NRG cancels deal with Delmarva Power
NRG Energy, the parent company of Bluewater Wind, notified Delmarva Power this week it is canceling the long-term power purchase agreement with Delmarva Power, which the parties signed in 2008 to provide Delaware customers with up to 200 megawatts of offshore wind energy.
On Dec. 16, NRG announced that it was suspending active development of offshore wind projects, citing the fact that Bluewater Wind has been unable to find an investment partner. They said then that they intended to terminate the project’s 200-megawatt power purchase agreement (PPA) with Delmarva Power & Light Company (DP&L) at the end of the year.
On Dec. 16, NRG President and CEO David Crane said, “Our people have worked hard and we’ve made a considerable financial investment in the Wind Park, but that effort cannot overcome the difficult and unfortunate realities of the current market. We’re not giving up, but at this moment we can’t rationally justify further investment in this project without the prospect that it can move forward within a reasonable timeframe.”
NRG spokeman Dave Gaier said this week that, “We’ve continued to hold discussions with several potential buyers and investors but haven’t yet concluded a deal. As a result, yesterday [Tuesday] we notified Delmarva Power & Light that we’re terminating the 200 MW Power Purchase agreement, effective at year end.
“We’ll prudently maintain our offshore wind assets—which includes working with the Bureau of Ocean Energy Management (BOEM) on a lease for the Delaware project—and continue to seek a buyer or major investor for that project as well.”
Delmarva Power officials accepted the termination, which was allowed under the terms of the agreement, and said they would continue to support the state’s long-term renewable energy goals.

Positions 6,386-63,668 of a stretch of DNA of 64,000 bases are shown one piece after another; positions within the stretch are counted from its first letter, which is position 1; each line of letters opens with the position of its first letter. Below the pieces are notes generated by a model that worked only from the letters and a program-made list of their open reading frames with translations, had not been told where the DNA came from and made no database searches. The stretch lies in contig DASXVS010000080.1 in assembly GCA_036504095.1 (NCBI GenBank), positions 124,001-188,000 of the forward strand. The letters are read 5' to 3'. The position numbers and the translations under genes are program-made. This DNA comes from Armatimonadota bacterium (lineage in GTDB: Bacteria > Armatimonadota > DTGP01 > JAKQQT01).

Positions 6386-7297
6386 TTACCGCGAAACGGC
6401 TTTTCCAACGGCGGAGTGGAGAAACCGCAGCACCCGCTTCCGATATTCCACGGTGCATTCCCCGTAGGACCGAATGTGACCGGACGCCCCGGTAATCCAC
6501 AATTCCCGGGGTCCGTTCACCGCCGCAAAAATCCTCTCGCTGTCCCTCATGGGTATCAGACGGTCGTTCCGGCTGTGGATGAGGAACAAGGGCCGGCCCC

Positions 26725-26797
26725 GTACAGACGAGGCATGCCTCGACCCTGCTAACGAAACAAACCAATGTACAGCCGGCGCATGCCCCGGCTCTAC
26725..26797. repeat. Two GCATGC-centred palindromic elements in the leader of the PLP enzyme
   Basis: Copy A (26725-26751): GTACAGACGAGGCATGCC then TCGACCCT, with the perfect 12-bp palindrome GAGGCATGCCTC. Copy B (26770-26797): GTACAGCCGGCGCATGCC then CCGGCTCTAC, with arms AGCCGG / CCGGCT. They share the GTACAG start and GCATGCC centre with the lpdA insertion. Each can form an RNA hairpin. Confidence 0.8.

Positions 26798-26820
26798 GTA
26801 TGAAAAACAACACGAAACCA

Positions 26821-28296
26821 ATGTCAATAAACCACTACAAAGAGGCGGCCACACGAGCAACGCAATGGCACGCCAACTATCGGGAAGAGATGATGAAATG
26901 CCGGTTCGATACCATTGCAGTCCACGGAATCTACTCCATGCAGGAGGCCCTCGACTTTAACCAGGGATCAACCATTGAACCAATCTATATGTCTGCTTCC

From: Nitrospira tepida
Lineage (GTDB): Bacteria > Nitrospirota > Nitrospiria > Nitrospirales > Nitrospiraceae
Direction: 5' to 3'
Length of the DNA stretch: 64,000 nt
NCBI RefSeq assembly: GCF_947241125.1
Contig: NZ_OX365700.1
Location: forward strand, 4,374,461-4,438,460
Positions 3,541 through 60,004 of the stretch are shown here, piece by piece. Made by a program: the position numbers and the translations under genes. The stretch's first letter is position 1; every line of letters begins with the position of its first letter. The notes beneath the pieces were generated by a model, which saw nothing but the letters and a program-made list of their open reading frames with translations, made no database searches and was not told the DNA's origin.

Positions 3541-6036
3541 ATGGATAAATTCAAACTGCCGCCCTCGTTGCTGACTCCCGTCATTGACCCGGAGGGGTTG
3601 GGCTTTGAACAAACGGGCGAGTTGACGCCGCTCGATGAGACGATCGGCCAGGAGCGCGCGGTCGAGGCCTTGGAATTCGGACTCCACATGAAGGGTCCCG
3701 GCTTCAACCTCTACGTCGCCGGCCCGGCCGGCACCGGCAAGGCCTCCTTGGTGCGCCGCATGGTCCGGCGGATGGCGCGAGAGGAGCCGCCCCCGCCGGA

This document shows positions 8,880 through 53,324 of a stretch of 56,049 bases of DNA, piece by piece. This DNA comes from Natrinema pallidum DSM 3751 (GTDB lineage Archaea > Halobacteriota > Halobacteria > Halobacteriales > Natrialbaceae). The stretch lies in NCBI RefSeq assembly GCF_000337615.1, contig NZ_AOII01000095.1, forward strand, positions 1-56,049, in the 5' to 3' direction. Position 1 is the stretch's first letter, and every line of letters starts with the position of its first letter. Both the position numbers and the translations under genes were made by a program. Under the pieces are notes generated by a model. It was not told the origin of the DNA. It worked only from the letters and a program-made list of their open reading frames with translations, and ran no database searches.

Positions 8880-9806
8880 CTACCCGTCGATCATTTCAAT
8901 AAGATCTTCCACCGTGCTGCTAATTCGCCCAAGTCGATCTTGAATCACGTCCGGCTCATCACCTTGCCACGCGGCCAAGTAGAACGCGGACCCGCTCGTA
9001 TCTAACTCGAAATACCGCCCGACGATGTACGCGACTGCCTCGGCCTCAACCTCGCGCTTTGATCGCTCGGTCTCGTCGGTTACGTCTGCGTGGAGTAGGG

“Delmarva Power and NRG worked hard to see this project come to fruition,” said Gary Stockbridge, Region President for Delmarva Power. “But the inability to secure a financing partner prevents us from moving forward.”
Stockbridge said Delmarva Power has put in place land-based wind projects, solar energy projects and, more recently, supported the state’s effort to bring fuel-cell developer Bloom Energy to Delaware. “We have a very diverse and balanced clean energy portfolio in place and are confident that we will continue to be able to meet the goals that have been set of 25 percent by the year 2025.”
While expressing disappointment earlier this month at NRG’s decision, U.S. Sen. Thomas Carper (D., Del.) said he will continue to work with U.S. Sen. Chris Coons (D.-Del.), U.S. Rep. John Carney (D., Del.), Gov. Jack Markell and the Obama administration to do what they can to move forward with alternative-energy projects — including offshore wind energy production off the coast of Delaware, saying he still believes it is a viable project.
Delmarva Power officials said that under the power purchase agreement, Bluewater Wind posted security during the development period of the contract and with the contract having been cancelled prior to Jan. 1, 2012, $2 million of that security will be credited to Delmarva Power customers. The details and the timeline of how the credit will work for Delaware Delmarva Power customers will be finalized in the coming weeks, said Delmarva Power spokesman Matt Likovich.